Is aerobic or anaerobic exercise better for your heart?
While both types of movement are good for your heart, aerobic exercise is a particularly heart-healthy exercise. It works your cardiovascular system, strengthening your heart and lungs and enhancing your body’s efficiency at fueling oxygen. Since it can also help prevent cardiovascular disease, aerobic exercise might be particularly beneficial for certain people at high risk for heart problems.
However, current research doesn’t indicate that either exercise is superior for heart health.4 So, if your goal is to improve your overall cardiovascular health, your best bet is to do both.
How often should you do aerobic and anaerobic exercise?
Each person’s individual fitness needs are different, but according to the Centers for Disease Control and Prevention (CDC), adults need:5
- 150 minutes of moderate-intensity aerobic exercise
- 2 or more days a week of anaerobic exercise
For example, you might speed walk for 30 minutes a day, 5 days a week, and complete a 30-minute strength training routine two days weekly.
Or, you could combine high-intensity cycling and moderate-intensity running on two or more days and strength training for at least 2 days each week. Vingo can help make your cycling and running adventures more fun with real-world virtual experiences around the globe and a supportive community!
You can even go above and beyond these recommendations for additional health benefits! Instead of focusing on aerobic vs. anaerobic exercise and which is better, what’s most important is to find a balanced routine of both and ensure it’s enjoyable, sustainable, and effective.
Are there any risks of aerobic or anaerobic exercise?
Generally, the health benefits of aerobic and anaerobic exercise far outweigh the risks.
However, if you have diabetes, heart disease, or high blood pressure, you should check with your doctor before starting a new aerobic exercise routine. You may be at risk of experiencing chest pain, dizziness, or heart problems after vigorous exercise. Your doctor will be able to tell you which types of physical activities are best for you and how to ease into them safely.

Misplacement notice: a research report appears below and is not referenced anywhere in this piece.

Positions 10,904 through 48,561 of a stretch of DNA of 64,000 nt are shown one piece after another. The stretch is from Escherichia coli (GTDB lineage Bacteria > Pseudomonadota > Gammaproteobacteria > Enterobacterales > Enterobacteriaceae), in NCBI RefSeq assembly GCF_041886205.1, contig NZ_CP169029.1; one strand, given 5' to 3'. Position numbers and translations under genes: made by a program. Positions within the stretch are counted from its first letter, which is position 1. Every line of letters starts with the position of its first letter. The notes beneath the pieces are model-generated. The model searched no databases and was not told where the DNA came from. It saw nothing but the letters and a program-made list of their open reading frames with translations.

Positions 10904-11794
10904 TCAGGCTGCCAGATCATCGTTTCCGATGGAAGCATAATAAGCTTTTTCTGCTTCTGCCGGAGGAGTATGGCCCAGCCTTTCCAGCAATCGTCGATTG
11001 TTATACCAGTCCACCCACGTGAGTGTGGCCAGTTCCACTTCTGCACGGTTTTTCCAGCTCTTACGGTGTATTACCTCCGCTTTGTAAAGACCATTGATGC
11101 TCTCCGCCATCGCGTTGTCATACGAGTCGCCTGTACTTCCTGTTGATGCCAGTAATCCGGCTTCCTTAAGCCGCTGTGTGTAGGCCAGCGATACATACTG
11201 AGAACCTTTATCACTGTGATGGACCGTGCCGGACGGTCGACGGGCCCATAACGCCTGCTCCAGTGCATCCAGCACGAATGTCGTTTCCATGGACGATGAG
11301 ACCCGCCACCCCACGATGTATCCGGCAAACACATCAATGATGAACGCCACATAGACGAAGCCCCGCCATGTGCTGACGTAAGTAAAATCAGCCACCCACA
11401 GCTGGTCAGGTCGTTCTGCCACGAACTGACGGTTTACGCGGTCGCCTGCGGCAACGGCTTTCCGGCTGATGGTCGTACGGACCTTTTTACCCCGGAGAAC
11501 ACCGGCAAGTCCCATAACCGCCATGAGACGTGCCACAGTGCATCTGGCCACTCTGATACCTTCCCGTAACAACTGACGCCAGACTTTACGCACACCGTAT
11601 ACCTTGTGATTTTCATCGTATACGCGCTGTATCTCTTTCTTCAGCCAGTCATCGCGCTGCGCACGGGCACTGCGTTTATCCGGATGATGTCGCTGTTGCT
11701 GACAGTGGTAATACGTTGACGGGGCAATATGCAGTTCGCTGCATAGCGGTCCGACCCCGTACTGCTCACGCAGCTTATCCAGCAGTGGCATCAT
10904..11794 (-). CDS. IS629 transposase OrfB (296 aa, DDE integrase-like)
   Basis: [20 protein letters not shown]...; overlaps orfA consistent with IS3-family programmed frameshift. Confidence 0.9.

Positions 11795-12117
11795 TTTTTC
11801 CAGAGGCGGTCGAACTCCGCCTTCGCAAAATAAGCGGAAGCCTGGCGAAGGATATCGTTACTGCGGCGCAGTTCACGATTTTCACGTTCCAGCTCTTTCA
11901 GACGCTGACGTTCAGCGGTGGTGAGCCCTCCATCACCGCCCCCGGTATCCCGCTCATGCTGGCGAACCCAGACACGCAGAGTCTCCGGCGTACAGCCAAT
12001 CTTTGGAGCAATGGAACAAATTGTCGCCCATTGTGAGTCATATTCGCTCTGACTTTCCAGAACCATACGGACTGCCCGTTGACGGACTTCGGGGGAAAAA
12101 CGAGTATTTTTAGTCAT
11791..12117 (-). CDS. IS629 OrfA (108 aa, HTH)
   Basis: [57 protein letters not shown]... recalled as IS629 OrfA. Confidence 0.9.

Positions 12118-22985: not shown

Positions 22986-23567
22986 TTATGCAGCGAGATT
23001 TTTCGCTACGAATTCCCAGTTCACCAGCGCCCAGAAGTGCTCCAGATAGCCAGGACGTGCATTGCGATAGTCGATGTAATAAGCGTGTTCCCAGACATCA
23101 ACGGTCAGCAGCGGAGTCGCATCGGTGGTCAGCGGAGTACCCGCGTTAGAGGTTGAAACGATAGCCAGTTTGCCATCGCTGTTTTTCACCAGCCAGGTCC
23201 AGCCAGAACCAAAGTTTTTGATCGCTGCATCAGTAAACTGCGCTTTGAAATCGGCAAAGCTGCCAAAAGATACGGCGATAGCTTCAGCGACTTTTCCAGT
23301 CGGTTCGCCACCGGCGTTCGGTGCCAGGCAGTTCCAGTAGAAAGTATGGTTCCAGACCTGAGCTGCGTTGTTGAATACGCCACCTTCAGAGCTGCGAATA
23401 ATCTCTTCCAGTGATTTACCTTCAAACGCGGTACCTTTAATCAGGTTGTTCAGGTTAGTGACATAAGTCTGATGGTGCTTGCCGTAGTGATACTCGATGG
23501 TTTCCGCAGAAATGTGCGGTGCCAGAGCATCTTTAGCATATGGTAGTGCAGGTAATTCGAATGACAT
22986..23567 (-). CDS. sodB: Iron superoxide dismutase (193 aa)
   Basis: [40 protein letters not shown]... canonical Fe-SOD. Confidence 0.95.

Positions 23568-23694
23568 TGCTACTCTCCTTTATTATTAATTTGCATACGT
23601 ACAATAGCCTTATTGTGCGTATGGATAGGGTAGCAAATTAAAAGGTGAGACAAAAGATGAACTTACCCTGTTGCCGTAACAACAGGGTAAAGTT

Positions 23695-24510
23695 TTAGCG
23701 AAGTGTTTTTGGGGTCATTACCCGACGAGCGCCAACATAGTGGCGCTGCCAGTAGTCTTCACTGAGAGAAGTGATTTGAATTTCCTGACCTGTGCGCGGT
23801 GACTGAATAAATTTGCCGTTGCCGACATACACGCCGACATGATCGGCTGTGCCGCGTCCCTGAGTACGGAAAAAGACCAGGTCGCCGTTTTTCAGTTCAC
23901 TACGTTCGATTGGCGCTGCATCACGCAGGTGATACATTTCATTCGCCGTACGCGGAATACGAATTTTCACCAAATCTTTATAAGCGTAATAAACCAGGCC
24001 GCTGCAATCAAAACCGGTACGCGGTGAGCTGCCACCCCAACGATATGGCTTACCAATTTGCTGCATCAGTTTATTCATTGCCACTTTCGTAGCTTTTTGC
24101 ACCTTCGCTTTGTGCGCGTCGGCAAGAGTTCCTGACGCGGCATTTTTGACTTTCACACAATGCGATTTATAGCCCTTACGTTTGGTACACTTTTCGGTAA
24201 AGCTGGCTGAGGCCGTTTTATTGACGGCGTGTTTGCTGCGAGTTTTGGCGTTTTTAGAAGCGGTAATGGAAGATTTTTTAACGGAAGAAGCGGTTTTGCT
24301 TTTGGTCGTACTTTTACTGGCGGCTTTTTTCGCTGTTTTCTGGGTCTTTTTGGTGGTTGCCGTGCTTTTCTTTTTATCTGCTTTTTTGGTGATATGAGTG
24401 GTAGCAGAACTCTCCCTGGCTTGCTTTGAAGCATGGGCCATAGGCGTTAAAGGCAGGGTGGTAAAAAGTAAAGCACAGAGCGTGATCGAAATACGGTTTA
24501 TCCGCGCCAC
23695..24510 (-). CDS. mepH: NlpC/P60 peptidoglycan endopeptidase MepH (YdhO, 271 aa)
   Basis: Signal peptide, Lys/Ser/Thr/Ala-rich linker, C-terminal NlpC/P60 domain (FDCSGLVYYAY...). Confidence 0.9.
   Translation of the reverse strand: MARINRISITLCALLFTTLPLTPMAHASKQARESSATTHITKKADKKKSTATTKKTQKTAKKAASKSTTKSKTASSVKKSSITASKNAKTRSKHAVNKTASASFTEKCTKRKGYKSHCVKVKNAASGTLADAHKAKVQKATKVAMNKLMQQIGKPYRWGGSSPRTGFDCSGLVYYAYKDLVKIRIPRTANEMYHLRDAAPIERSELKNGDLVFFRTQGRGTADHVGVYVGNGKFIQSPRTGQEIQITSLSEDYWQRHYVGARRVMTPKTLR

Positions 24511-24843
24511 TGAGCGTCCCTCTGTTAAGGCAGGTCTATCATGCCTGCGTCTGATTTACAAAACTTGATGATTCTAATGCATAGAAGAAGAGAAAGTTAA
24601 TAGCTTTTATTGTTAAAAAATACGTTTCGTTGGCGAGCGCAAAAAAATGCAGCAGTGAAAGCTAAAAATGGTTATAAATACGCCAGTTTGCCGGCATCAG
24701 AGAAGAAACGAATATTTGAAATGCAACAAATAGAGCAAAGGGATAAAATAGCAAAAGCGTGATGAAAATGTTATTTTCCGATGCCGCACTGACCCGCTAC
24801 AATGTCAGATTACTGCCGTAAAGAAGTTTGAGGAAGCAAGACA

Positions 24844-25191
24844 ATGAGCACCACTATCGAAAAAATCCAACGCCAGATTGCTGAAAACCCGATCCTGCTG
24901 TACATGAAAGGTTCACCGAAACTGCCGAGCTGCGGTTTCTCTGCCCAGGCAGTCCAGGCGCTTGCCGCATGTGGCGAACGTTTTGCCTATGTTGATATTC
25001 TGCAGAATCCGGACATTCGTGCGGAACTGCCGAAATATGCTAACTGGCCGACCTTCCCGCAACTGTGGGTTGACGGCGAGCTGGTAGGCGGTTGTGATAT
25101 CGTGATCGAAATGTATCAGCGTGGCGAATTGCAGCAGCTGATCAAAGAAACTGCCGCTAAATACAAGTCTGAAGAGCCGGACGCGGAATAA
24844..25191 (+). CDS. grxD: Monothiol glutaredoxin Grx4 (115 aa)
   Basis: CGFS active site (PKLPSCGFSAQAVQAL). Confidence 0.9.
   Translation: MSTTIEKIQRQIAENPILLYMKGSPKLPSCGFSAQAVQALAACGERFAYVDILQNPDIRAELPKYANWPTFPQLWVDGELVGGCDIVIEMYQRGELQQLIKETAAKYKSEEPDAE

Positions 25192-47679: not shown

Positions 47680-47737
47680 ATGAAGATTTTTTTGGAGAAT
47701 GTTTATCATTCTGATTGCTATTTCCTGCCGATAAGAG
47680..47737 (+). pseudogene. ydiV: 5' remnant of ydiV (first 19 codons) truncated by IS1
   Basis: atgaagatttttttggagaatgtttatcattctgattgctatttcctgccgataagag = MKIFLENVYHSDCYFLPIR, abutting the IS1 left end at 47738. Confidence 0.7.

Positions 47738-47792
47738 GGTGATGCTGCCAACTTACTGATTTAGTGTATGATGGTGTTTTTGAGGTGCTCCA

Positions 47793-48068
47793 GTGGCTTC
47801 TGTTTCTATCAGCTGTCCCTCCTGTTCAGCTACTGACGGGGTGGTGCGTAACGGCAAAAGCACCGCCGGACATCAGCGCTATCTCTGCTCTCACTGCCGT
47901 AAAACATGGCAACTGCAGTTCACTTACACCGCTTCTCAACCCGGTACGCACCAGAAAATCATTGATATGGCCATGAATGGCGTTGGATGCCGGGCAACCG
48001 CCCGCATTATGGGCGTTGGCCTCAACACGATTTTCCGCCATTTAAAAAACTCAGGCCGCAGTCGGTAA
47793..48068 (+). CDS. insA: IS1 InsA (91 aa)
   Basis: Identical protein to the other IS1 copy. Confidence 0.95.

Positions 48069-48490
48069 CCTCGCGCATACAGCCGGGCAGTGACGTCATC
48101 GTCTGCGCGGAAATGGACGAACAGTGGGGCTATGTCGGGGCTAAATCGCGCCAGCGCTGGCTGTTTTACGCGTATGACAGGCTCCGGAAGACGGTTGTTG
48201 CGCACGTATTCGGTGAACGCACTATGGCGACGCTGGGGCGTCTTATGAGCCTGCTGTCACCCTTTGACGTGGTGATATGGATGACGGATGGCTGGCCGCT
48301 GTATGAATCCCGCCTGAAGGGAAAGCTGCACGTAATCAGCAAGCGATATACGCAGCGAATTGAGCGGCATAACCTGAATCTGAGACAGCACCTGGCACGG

Additionally, it’s no secret that anaerobic exercise isn’t easy! It would be best to consider hiring a trainer or working with someone more experienced to ensure you’re learning proper form along the way. Doing so will help you prevent injuries.
Key Takeaways:The desire to compare aerobic vs. anaerobic exercise is common, especially among those who want to maximize their time spent working out. But you need both aerobic and anaerobic exercise to build an effective exercise routine. Although they’re different forms of movement that vary in intensity and duration, they’re both highly effective ways to improve your heart health, shed excess fat, and enhance your overall fitness.
- Professional, C. C. M. (n.d.-a). Aerobic Exercise. Cleveland Clinic. https://my.clevelandclinic.org/health/articles/7050-aerobic-exercise
- Benefits | NHLBI, NIH. (2022, March 24). NHLBI, NIH. https://www.nhlbi.nih.gov/health/heart/physical-activity/benefits
- Anaerobic Exercise and Diabetes | ADA. (n.d.). https://diabetes.org/healthy-living/fitness/anaerobic-exercise-diabetes
- Patel, H., Alkhawam, H., Madanieh, R., Shah, N. N., Kosmas, C. E., & Vittorio, T. J. (2017). Aerobicvsanaerobic exercise training effects on the cardiovascular system. World Journal of Cardiology, 9(2), 134. https://doi.org/10.4330/wjc.v9.i2.134
- Move More; Sit Less. (2023, June 20). Centers for Disease Control and Prevention. https://www.cdc.gov/physicalactivity/basics/adults/index.htm